Wednesday, December 3, 2014

Feel-good Religion

"I would like to see a re-emphasis of awe and reverence in worship and a disappearance of "feel good religion." People who arrive in heaven in their blue jeans and short shorts are going to be struck suddenly by the necessity to fall down prostrate before the throne. We dress up for our employers from Monday to Friday, but come Sunday morning, it's only the Lord of the Universe, so anything goes. It's not so much formality, but a recognition of our place before God. I recognize that the prodigal son didn't put on a tuxedo to come back home. But once back, he bathed, shaved, and shed his "pig sty" appearance. It seems to me that meshing rigorous, biblical exposition is increasingly hard with a "feel good" mood in the congregation. The preacher is at a disadvantage when everything else, including the nature of the music and the frivolity, connotes a club meeting rather than entering into the sacred presence of a thrice-holy God who is a consuming fire."

Bruce Lockerbie

Dr. Bruce Lockerbie is Chairman and CEO of PAIDEIA, Inc. (pie-day-ah), a team of consultants working with schools, colleges, seminaries, churches, and other public interest institutions. He is also Chairman of the Olympus Group, which offers counsel on sports-entertainment events and programming. He holds two degrees from New York University and for thirty-four years served on the faculty of The Stony Brook School in Long Island, New York. Upon leaving the school, he was the Thomas F. Staley Foundation Scholar-in-Residence.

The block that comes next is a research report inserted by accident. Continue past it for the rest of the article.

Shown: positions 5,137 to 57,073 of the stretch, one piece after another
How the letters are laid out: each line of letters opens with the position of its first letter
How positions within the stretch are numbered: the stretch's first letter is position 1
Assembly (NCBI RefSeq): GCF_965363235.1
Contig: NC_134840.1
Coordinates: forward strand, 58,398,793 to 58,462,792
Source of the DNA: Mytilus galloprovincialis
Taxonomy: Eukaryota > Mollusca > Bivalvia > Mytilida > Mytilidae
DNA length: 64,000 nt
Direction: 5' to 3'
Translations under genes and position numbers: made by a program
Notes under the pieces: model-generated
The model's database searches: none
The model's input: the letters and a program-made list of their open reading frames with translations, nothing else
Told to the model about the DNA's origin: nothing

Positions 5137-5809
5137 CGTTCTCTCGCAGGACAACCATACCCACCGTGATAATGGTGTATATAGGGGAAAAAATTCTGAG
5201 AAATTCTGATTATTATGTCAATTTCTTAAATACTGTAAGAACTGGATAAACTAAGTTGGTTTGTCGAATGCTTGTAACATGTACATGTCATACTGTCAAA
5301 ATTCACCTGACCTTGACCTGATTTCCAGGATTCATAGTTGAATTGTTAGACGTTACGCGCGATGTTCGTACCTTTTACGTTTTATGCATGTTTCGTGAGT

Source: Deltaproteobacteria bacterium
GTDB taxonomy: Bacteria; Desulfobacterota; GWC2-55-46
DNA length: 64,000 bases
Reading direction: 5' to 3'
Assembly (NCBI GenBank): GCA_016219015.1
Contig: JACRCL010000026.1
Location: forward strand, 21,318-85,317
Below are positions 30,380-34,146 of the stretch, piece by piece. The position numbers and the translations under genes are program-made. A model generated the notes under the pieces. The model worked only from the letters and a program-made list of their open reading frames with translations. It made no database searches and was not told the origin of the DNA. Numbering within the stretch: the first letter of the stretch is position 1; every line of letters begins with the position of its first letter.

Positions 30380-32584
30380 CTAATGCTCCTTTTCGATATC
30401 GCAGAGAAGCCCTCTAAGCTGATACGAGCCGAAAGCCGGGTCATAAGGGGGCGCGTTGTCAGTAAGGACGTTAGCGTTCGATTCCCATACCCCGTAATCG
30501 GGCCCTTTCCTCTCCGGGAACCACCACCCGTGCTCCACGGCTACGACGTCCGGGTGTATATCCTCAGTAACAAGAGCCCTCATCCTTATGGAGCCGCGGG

Lockerbie is author, co-author, or editor of more than three dozen books whose topics range from aesthetics and biography to family living and popular theology. His most recent volume is Dismissing God: Modern Writers' Struggle Against Religion. A frequent lecturer, he has also contributed hundreds of articles and essays to various publications.


Jayson Finley in Lacos said...

It is amazing how often James 2:1-4 is used as justification to come to church dressed as if going to a Memorial Day picnic in 100 degree weather, even though the passage has nothing to do with intentionally dressing sloppily for church. It specifically addresses the hypocrisy of treating the rich better than the poor. Too often, it is almost presented as a badge of honor to come to worship the Lord wearing the grubbiest old clothes a person can find. This is nothing but false humility.

It is interesting to note that when Jacob went to worship the Lord, he and his family cleaned up and changed their clothes. Maybe they considered it important to show respect to the Lord.

"Then God said to Jacob, ‘Arise, go up to Bethel and live there, and make an altar there to God, who appeared to you when you fled from your brother Esau.’ So Jacob said to his household and to all who were with him, ‘Put away the foreign gods which are among you, and purify yourselves and change your garments; and let us arise and go up to Bethel, and I will make an altar there to God, who answered me in the day of my distress and has been with me wherever I have gone’”(Genesis 35:1-3, NASB). Oops… I forgot… we’re not allowed to use the Old Testament, are we?

Nothing says we have to put on a tux, or even wear a tie, when we go to church. However, respect and reverence for the God of the universe should dictate that we dress at least as well as we would for human bosses or dignitaries. I am getting tired of hearing that it is somehow wrong to dress up to go to church.

Ron Livesay said...

Just look at the contrast between "Come, just as you are to worship" and "Just as I am without one plea..." The first one implies that God doesn't care if we come to worship Him in an attitude of respect or not. The second one gives an accurate picture of our pathetic position as lost, helpless, vile sinners before we come to Him for salvation. Some think these songs mean the same thing. This is clearly not the case.